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Lions Roar : November 2008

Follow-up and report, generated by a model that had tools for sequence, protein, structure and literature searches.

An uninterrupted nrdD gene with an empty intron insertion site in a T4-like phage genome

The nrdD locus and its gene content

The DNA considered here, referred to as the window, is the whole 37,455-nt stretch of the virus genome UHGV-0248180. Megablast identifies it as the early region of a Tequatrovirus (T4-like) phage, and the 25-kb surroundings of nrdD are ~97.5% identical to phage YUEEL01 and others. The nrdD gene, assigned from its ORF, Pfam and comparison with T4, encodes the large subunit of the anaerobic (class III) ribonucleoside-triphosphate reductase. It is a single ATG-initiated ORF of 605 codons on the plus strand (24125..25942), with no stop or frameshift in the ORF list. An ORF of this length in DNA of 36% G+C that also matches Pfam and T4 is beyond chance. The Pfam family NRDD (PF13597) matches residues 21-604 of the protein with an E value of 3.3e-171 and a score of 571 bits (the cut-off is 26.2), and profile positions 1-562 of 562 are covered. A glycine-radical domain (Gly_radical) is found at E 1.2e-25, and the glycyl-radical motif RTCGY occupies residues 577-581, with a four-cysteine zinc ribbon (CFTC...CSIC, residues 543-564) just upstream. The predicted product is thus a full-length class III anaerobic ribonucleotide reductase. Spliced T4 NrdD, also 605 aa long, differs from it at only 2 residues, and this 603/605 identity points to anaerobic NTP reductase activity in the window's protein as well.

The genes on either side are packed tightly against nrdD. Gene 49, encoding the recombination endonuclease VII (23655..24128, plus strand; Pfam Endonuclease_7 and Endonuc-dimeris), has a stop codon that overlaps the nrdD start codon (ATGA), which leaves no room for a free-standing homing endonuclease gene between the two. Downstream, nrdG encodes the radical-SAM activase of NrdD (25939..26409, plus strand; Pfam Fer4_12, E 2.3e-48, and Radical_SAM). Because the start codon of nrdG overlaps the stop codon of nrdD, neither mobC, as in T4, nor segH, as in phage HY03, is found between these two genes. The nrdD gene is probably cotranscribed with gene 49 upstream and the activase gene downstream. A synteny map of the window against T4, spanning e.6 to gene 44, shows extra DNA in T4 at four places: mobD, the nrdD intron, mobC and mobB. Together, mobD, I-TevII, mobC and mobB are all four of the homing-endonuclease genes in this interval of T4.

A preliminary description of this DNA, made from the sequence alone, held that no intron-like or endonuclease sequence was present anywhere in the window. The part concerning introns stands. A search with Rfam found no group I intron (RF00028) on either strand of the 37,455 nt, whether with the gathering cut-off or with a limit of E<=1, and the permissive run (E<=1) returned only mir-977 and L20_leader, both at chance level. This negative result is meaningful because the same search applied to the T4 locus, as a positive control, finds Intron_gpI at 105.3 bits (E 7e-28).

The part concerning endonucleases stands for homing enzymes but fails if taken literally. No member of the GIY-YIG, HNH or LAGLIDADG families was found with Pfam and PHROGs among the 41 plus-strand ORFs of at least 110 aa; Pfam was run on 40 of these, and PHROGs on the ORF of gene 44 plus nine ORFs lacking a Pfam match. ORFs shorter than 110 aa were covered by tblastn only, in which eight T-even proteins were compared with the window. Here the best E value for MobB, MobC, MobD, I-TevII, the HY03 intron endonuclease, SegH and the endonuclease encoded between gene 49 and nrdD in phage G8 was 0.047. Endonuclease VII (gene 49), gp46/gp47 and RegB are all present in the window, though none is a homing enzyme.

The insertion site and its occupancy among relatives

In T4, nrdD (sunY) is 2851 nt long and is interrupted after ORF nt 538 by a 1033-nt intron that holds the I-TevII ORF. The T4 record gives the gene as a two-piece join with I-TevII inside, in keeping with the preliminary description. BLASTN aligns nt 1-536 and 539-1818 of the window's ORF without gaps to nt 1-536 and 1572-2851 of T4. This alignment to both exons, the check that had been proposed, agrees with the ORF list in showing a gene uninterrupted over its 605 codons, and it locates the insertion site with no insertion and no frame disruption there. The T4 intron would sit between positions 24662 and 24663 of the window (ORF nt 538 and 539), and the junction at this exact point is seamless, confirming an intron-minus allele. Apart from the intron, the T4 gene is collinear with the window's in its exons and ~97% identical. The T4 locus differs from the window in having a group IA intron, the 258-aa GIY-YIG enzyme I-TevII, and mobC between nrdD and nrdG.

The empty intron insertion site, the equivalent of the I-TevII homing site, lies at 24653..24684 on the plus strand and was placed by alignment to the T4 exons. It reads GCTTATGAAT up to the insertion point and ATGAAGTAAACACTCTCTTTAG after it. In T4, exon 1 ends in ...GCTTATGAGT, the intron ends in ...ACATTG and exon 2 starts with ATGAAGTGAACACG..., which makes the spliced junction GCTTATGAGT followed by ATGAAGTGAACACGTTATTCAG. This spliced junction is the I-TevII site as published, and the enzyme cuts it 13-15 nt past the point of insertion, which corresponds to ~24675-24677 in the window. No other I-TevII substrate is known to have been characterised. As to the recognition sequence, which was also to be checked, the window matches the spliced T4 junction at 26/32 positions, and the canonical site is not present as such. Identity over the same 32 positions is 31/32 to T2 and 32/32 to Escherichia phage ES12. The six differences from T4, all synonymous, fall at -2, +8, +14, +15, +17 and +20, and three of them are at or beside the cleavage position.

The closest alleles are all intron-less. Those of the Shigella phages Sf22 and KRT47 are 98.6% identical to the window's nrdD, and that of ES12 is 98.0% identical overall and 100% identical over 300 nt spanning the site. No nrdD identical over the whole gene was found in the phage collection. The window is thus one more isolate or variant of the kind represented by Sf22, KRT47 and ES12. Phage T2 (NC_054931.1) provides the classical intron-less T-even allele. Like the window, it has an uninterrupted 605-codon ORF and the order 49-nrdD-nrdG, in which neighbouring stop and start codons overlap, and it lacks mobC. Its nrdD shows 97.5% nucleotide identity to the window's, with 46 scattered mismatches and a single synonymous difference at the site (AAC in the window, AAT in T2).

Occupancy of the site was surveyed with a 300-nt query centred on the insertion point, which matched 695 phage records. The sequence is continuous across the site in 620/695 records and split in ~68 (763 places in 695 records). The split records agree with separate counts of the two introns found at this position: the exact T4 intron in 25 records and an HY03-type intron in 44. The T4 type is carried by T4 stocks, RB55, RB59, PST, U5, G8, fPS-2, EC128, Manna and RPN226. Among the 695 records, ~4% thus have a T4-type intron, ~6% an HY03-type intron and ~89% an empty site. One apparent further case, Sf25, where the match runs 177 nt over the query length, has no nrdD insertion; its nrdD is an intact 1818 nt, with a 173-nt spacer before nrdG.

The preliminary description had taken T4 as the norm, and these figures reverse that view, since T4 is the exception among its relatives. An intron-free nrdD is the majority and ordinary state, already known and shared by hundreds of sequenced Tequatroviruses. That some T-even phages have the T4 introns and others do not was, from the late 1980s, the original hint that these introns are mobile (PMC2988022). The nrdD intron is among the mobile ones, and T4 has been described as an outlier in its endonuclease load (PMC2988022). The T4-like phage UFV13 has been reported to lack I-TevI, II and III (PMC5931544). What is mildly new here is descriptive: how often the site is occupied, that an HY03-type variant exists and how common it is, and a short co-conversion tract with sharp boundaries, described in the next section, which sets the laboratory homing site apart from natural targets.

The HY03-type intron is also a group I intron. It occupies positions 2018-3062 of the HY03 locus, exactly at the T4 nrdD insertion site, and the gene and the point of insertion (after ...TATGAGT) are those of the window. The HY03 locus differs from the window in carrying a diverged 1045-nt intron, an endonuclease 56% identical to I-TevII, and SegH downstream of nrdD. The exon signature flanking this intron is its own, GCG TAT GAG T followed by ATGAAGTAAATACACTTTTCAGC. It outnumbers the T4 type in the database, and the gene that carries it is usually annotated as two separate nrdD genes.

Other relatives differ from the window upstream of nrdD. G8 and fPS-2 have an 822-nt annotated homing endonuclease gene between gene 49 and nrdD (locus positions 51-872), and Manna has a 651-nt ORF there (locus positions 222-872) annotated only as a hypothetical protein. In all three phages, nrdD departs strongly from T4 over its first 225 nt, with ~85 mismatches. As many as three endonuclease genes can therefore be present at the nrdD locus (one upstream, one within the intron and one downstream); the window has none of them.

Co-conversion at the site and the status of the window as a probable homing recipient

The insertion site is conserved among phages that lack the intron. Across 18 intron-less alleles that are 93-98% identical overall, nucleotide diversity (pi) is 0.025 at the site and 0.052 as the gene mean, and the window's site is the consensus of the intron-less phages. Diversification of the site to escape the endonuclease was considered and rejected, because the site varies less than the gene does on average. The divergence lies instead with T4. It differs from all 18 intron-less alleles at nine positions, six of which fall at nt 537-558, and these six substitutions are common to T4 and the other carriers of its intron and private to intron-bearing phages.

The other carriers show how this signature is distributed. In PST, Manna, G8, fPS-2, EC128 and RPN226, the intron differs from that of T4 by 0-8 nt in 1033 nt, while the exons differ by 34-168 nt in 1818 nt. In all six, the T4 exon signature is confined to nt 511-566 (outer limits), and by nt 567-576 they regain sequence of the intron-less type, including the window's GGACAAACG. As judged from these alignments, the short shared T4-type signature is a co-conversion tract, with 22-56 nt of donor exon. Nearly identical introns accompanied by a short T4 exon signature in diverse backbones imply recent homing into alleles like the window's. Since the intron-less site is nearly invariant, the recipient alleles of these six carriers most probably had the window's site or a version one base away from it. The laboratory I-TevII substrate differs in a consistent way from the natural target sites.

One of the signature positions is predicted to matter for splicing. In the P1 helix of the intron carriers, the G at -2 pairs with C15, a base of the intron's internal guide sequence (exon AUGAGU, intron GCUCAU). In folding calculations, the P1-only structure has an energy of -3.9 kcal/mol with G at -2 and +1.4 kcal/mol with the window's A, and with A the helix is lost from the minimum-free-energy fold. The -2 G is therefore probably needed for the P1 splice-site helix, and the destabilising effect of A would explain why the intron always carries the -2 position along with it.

SHAMBHALA SUN NOVEMBER 2008 25 A FRIEND ONCE TOLD ME about repeated fights he had with his wife early on in their marriage. Much of their conflict centered on how to have dinner. He liked to eat hurriedly, standing up in the kitchen, get- ting it over with as quickly as possible. She liked to set the table elegantly, sit down, and eat leisurely, togeth- er. Many nights they fought instead of eating. Finally they sought the help of a marriage counselor. As they examined the layers of meaning hidden in the simple and familiar word “dinner,” they each discovered how many associations, and how many people, they were actually bringing to that table. He talked about his father, a brutal man who was often only at home at dinnertime, which became a night- marish experience to be escaped from as quickly as possible. She spoke of her fractured family and her mentally ill brother who consumed her mother with worry. It was mainly at dinner that her family made an effort to talk to her, to find out about her day—where she felt she indeed belonged to a family. For each of them dinner was rarely just dinner, and their part- ner was often not the person standing in front of them, but an “other” made of an amalgam of past hurts and long-held dreams and tentative new yearnings. Can we ever actually see another person? If we create an “other” out of our projections and associations and ready interpretations, we have made an object of a person; we have taken away their humanity. We have stripped from our consciousness their own sensitivity to pain, their likely wish to feel at home in their bodies and minds, their complexity and intricacy and mutability. If we have lost any recognition of the truth of change in some- one, and have fixed them in our minds as “good” or “bad” or “in- different,” we’ve lost touch with the living essence of that person. We are dwelling in a world of stylized prototypes and distant caricatures, reified images, and, often, very great loneliness. Meditation practice is like a skills-training in stepping back, in getting a broader perspective and a deeper understanding of what’s happening. Mindfulness, one of the tools at the core of meditation, helps us not be lost in habitual biases that distort how we interpret our feelings. Without mindfulness, our percep- tion is easily shaped by barely conscious thoughts, such as, “I’m shaking and my stomach is roiling with what seems to be fear, but I can never allow myself to admit that. I’ll pretend it never came up.” If we do that, it is a great struggle to be kind. There is no ready access to kindness without awareness. Mindfulness also helps us to see through our prejudices about another person. For example, a person might think, “All older women are fuzzy thinkers, so she can’t possibly be as sharp as she is pretending to be.” Mindfulness helps us to see by showing us that a conclusion such as that one is simply a thought in our own mind. Mindfulness enables us to cultivate a different qual- ity of attention, one where we relate to what we see before us not just as an echo of the past or a foreshadowing of the future, but Don’t I Know You? When we overlook the strangers among us, says SHARON SALZBERG, we miss the chance to connect to people as they are, free of the usual ways we judge them. PHOTOBYDAVEELFVING NOV 18-39.indd 25 NOV 18-39.indd 25 9/1/08 12:18:15 PM 9/1/08 12:18:15 PM